Her anchor was returned to the United States on April 7, 1871, when the Pasha presented it to the captain of the visiting Guerriere.
"Preparation for War to defend Commerce ... the building of the Frigate Philadelphia," Birch's Views of Philadelphia (1800).
Local Account of the Destruction
In 1904, Charles Wellington Furlong, an American adventurer went to Tripoli to investigate the sinking of the Philadelphia and later wrote of it in his book, "The Gateway to the Sahara: Observations and Experiences in Tripoli" (1909). In this book the following account, based on records from a local synagogue, is given:
Yusef Pashaw had equipped a number of corsairs.... His captains, Zurrig, Dghees, Trez, Romani and El-Mograbi, set sail from Tripoli and shortly sighted an American vessel [the Philadelphia]. Zurrig left the others and daringly approached the ship, annoying her purposely to decoy her across the shoals. She stranded, but fired on the other vessels until her ammunition gave out, whereupon the Moslems pillaged her. The American Consul [actually the Danish consul, Nissen] was very much disheartened and tried to conclude arrangements similar to those recently made between the Bashaw and the Swedish Consul; but such an enormous tribute was demanded that no terms could be reached, so by order of the Bashaw the vessel was burned.
Furlong later reports in the same book, that he talked to other Arabs in Tripoli who said that the ship was not burned, but moved to the Lazaretto where it was dressed up as a trophy and its guns used to call to prayer. According to these accounts the ship had 10 guards and an American ketch was able to sneak in, kill the guards, and set the ship on fire before anything could be done.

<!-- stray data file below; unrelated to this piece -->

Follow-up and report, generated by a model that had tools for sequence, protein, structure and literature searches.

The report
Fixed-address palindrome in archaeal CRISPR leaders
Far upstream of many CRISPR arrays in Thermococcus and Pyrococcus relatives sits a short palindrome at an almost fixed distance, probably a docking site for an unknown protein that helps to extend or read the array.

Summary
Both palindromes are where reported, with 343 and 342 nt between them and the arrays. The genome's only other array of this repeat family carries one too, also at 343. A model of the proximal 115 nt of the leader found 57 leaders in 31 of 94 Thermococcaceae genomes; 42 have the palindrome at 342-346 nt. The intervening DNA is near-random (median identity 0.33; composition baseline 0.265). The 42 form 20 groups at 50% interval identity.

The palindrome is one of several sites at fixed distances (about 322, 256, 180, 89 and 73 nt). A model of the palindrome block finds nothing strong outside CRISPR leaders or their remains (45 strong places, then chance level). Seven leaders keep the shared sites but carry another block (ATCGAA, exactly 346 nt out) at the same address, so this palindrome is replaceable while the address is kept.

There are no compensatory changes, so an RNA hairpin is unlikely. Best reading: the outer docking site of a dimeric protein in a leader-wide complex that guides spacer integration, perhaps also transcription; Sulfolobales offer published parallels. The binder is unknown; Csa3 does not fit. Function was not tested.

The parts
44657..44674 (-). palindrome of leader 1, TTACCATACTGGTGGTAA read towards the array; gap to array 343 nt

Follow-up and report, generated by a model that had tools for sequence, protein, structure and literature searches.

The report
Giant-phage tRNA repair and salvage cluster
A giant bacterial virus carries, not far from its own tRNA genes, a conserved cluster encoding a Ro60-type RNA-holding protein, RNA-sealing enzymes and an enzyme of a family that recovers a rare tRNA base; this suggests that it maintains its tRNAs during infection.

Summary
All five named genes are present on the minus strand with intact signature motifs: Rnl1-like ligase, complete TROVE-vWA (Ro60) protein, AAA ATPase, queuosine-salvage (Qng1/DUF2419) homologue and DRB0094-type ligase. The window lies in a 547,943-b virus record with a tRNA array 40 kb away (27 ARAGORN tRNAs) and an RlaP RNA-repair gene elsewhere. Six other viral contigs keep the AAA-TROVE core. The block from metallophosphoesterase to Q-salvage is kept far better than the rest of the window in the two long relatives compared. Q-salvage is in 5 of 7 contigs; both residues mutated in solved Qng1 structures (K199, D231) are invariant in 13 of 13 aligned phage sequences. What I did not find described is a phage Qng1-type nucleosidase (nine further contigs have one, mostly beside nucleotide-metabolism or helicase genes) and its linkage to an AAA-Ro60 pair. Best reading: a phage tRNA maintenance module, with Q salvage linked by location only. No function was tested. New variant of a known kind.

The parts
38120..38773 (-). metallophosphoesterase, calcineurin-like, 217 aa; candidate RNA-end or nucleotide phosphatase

- List of sailing frigates of the United States Navy
- List of ships captured in the 19th century
- Bibliography of early American naval history
- This article incorporates text from the public domain Dictionary of American Naval Fighting Ships. The entry can be found here.
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Stringer & Townsend, New York. p. 508. OCLC 197401914. Url
- Hill, Frederic Stanhope (1905). Twenty-six historic ships.
G.P. Putnam's Sons, New York and London. p. 515. OCLC 1667284. Url
- Tucker, Spencer (2004). Stephen Decatur: a life most bold and daring.
Naval Institute Press, 2004, Annapolis, Maryland. p. 245. ISBN 1-55750-999-9. 
- Mackenzie, Alexander Slidell (1846). Life of Stephen Decatur: a commodore in the Navy of the United States.
C. C. Little and J. Brown, 1846.
- Toll, Ian W. (2006). Six frigates: the epic history of the founding of the U.S. Navy.
W. W. Norton & Company, New York. p. 500. ISBN 978-0-393-05847-5. Url
- Canney, Donald L. (2001). Sailing warships of the US Navy.
Chatham Publishing / Naval Institute Press. p. 224. ISBN 1-55750-990-5. Url
- Chapelle, Howard I. (1935) The American Sailing Navy,
W.W. Norton and Co.,New York, p.400, Book
- London, Joshua E. (2011) Victory in Tripoli: How America's War with the Barbary Pirates Established the U.S. Navy and Shaped a Nation
John Wiley & Sons, Inc., New Jersey, p.288, ISBN 0-471-44415-4, Book
- Oren, Michael B. (2007)Power, Faith, and Fantasy Chapter 3,
W.W. Norton and Co., New York, ISBN 0-393-05826-3
- Willis, Sam (2007).Fighting Ships: 1750–1850,
Quercus Books, London
- Zachs, Richard (2005). The Pirate Coast: Thomas Jefferson, the First Marines, and the Secret Mission of 1805
Hyperion, New York
- Documents, Official and Unofficial, Relating to the case and destruction of the frigate Philadelphia at Tripoli